Cole's sophomore album, Born Sinner, had its release date moved numerous times so as not to clash with other big releases. When it eventually came out in June 2013, it was another success. Kendrick Lamar and 50 Cent were among the guests, on an album that was warmly, but not ecstatically, received.
With momentum building, 2014 Forest Hills Drive came out in December 2014 and premiered at No. 1 on the Billboard 200, despite a lack of advance singles or marketing. It won several awards, including Billboard Rap Album of the Year, and was later certified double platinum. This was impressive for an album that had no guest appearances, although some critics felt his political stances in real life were not reflected on an album that often strayed into sex rhymes. “It’s time for the Cole who marches in the streets to start showing up on record,” said Rolling Stone, referring to Cole’s visit to Ferguson in August 2014 to meet those protesting the shooting of Michael Brown.
His fourth studio album, 4 Your Eyez Only, came out just before Christmas 2016 and also went to No. 1. Despite a minor controversy over what some saw as lyrical barbs directed at Kanye West and Drake, it was another guest-free set that found favor. The New York Times suggested that by freeing himself of the shackles of big-name guest stars, Cole could take his own artistic path, noting that the album “feels as if it were made without the slightest concession to what’s happening elsewhere in the genre.”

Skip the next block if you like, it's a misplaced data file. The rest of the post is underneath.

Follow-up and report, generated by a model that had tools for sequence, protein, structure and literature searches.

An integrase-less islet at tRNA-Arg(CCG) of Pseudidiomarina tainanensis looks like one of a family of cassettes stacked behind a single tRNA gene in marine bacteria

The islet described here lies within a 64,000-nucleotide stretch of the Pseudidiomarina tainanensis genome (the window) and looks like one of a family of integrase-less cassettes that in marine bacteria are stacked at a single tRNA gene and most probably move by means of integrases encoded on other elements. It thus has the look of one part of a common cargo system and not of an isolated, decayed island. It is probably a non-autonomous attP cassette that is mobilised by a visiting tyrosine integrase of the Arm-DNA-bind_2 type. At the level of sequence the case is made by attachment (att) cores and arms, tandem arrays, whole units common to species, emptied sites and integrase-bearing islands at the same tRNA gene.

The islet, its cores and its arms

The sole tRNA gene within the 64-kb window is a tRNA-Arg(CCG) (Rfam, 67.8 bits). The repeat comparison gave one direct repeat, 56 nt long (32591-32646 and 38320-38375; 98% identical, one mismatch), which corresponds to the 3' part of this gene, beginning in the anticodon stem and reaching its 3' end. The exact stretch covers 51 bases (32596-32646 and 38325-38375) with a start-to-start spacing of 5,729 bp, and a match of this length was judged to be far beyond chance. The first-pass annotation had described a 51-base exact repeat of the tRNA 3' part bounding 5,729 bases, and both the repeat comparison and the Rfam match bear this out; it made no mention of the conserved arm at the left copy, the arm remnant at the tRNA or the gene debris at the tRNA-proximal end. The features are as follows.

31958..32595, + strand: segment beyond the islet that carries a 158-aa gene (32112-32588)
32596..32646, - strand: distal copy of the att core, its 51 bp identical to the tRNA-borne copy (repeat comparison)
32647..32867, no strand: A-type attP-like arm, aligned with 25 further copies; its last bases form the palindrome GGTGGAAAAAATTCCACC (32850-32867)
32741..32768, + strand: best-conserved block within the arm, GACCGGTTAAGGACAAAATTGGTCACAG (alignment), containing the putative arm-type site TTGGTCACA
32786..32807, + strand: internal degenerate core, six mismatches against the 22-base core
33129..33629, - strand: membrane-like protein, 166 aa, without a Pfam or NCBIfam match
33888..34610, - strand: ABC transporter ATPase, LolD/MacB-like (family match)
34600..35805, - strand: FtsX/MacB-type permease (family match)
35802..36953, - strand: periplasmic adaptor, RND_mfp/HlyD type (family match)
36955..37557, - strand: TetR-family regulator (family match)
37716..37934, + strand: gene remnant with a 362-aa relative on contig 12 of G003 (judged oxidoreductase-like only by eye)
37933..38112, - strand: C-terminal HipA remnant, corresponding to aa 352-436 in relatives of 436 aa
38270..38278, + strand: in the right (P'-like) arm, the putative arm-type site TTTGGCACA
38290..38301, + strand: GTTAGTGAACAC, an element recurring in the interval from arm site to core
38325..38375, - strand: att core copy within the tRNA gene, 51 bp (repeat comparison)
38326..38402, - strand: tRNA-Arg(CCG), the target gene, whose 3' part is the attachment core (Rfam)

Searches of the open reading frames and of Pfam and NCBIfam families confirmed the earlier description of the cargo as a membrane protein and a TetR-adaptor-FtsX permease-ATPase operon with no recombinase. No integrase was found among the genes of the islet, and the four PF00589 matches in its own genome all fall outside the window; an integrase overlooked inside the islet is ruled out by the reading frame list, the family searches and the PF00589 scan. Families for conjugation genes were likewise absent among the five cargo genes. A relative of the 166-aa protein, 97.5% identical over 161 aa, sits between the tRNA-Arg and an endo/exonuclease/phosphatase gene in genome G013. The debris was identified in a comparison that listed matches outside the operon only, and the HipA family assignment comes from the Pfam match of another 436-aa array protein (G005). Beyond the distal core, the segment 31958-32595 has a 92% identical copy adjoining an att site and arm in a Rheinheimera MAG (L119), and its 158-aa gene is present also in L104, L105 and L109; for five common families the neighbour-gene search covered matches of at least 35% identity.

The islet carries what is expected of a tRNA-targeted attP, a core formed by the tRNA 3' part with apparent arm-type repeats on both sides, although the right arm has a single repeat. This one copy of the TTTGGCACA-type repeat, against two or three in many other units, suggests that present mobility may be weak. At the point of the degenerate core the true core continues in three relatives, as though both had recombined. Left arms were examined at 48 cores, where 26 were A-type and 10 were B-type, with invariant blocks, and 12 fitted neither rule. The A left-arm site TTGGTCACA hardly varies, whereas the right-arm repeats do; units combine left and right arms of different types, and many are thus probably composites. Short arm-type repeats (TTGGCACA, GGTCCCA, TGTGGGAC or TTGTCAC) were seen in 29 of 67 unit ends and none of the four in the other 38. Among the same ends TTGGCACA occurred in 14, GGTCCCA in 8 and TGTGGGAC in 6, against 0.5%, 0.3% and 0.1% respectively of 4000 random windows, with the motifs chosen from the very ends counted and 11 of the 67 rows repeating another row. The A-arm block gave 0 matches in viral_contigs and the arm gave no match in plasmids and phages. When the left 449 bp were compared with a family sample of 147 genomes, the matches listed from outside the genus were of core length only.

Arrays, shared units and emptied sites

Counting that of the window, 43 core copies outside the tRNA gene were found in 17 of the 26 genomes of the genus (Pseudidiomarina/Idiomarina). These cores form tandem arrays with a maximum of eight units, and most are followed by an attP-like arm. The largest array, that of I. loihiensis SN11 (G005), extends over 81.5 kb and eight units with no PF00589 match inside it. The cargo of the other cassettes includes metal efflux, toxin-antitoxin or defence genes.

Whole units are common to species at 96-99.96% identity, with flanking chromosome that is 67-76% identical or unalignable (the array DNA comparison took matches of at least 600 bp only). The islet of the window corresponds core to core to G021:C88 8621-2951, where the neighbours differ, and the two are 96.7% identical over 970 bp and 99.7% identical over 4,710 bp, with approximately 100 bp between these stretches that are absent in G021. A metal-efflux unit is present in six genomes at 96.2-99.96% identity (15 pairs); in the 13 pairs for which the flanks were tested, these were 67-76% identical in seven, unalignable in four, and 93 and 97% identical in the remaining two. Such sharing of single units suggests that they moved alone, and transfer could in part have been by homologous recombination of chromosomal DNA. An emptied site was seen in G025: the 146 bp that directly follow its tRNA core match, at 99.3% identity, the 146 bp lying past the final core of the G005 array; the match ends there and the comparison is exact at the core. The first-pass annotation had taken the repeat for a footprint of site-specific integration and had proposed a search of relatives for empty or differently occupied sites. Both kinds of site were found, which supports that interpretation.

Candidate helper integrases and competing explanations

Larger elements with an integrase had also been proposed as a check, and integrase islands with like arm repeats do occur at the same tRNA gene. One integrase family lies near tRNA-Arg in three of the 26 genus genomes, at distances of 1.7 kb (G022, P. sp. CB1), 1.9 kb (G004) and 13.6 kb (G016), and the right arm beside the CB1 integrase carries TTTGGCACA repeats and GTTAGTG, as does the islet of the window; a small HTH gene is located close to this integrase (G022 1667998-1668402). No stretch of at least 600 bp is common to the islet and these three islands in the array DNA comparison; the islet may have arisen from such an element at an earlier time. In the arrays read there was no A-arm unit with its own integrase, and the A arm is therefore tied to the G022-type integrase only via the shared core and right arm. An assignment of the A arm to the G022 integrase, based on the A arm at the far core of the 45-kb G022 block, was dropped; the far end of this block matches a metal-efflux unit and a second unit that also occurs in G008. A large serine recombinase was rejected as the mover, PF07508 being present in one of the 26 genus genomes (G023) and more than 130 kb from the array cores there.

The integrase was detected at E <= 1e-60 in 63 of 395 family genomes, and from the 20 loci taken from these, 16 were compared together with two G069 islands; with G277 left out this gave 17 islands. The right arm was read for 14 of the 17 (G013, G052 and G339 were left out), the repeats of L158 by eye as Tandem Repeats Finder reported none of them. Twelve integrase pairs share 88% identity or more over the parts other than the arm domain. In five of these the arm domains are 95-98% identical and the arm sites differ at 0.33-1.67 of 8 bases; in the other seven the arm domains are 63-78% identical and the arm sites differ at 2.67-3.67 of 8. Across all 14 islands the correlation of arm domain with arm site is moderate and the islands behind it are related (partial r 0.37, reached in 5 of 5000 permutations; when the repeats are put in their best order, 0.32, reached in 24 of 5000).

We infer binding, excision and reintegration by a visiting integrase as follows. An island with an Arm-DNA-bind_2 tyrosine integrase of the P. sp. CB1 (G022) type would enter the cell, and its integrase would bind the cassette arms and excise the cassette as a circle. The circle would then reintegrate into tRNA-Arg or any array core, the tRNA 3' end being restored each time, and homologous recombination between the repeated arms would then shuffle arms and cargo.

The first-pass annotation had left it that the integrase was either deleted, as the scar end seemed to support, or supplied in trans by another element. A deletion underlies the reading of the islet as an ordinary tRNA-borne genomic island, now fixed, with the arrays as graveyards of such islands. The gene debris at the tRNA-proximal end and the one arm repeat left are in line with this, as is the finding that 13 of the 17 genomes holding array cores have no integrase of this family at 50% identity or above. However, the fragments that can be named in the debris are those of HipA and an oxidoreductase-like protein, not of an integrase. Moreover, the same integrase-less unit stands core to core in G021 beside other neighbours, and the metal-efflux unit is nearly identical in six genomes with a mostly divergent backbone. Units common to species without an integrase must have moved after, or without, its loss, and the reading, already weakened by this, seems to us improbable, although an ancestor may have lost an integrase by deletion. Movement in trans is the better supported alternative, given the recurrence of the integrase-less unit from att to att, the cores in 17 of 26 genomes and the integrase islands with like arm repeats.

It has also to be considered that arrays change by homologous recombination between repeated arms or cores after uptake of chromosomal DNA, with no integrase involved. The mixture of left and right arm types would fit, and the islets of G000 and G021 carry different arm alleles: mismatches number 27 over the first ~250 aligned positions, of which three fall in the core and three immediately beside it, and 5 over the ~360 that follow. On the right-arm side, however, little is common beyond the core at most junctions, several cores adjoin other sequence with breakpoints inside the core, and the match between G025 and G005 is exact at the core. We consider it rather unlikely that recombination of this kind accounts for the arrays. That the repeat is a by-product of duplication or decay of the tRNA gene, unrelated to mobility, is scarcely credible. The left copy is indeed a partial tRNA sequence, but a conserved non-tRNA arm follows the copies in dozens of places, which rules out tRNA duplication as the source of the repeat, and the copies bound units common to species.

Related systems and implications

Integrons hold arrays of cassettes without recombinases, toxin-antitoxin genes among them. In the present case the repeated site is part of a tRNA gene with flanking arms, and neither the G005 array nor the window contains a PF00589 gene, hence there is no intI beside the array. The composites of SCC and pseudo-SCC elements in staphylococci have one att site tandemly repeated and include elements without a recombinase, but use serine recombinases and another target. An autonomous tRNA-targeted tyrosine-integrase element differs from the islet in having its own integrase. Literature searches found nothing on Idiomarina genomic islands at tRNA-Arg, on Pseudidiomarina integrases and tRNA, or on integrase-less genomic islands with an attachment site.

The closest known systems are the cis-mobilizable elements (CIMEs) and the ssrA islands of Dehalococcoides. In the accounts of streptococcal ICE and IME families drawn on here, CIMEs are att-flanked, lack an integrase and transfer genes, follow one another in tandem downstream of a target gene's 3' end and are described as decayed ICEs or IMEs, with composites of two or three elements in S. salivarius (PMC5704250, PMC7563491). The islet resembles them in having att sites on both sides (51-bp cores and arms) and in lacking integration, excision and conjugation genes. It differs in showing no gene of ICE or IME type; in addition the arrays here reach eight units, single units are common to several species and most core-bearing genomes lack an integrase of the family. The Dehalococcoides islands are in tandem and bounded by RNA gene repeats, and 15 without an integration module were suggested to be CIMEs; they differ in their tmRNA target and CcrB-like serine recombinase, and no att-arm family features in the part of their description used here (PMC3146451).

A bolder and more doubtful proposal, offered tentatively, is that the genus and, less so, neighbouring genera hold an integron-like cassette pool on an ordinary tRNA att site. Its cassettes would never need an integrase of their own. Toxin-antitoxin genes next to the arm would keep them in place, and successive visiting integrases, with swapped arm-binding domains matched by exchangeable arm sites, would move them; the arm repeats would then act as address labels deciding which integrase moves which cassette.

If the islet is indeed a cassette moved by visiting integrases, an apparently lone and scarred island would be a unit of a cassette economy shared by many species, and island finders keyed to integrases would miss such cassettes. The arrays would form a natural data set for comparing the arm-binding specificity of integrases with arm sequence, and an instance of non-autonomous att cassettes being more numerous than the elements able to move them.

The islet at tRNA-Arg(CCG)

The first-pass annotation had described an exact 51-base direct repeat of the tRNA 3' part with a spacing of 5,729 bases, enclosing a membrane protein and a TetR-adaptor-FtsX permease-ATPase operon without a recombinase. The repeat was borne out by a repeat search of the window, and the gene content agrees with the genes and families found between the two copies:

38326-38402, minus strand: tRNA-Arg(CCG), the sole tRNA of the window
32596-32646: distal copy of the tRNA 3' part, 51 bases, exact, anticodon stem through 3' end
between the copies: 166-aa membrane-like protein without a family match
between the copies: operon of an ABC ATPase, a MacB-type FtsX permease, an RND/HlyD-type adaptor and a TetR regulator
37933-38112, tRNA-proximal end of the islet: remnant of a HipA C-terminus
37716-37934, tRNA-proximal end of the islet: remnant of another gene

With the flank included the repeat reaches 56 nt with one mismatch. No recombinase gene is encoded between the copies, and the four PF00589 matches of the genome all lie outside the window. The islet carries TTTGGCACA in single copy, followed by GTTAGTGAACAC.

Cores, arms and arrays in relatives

Making History with 'KOD'
The rapper's audience eagerly welcomed the April 2018 release of his fifth studio album, KOD, which shattered Spotify's opening-day streaming record en route to the Billboard top spot. Days later, it was announced that Cole had become the first artist to debut three simultaneous singles on the Billboard Hot 100, with "Kevin's Heart," "ATM" and KOD's title track all surfacing on the chart.
Establishing His Own Label, Nonprofit Work
He runs the Dreamville Records label with his former St. John's University classmate Ibrahim Hamad, releasing music by up-and-coming artists including Omen, Bas and Cozz.
The label shares a name with his Dreamville Foundation, a non-profit Cole established in his hometown. Set up to “bridge the gap between the worlds of opportunity and the urban youth of Fayetteville, NC,” it runs a series of events and programs, including a reading club and essay contests.
Cole is married to Melissa Heholt, with whom he has a child. He recently purchased the childhood home after which he named his 2014 Forest Hills Drive album, with the intention of developing it into temporary rent-free accommodation for single mothers.
It's actions like this that have made him a rapper that even presidents can praise. Cole was invited to the White House to meet with Barack Obama in spring 2016, something he rapped about on the track "High for Hours." Obama later commented: “This is the benefit of having teenage daughters, I actually keep up… I love J. Cole.” Endorsements don’t come much bigger.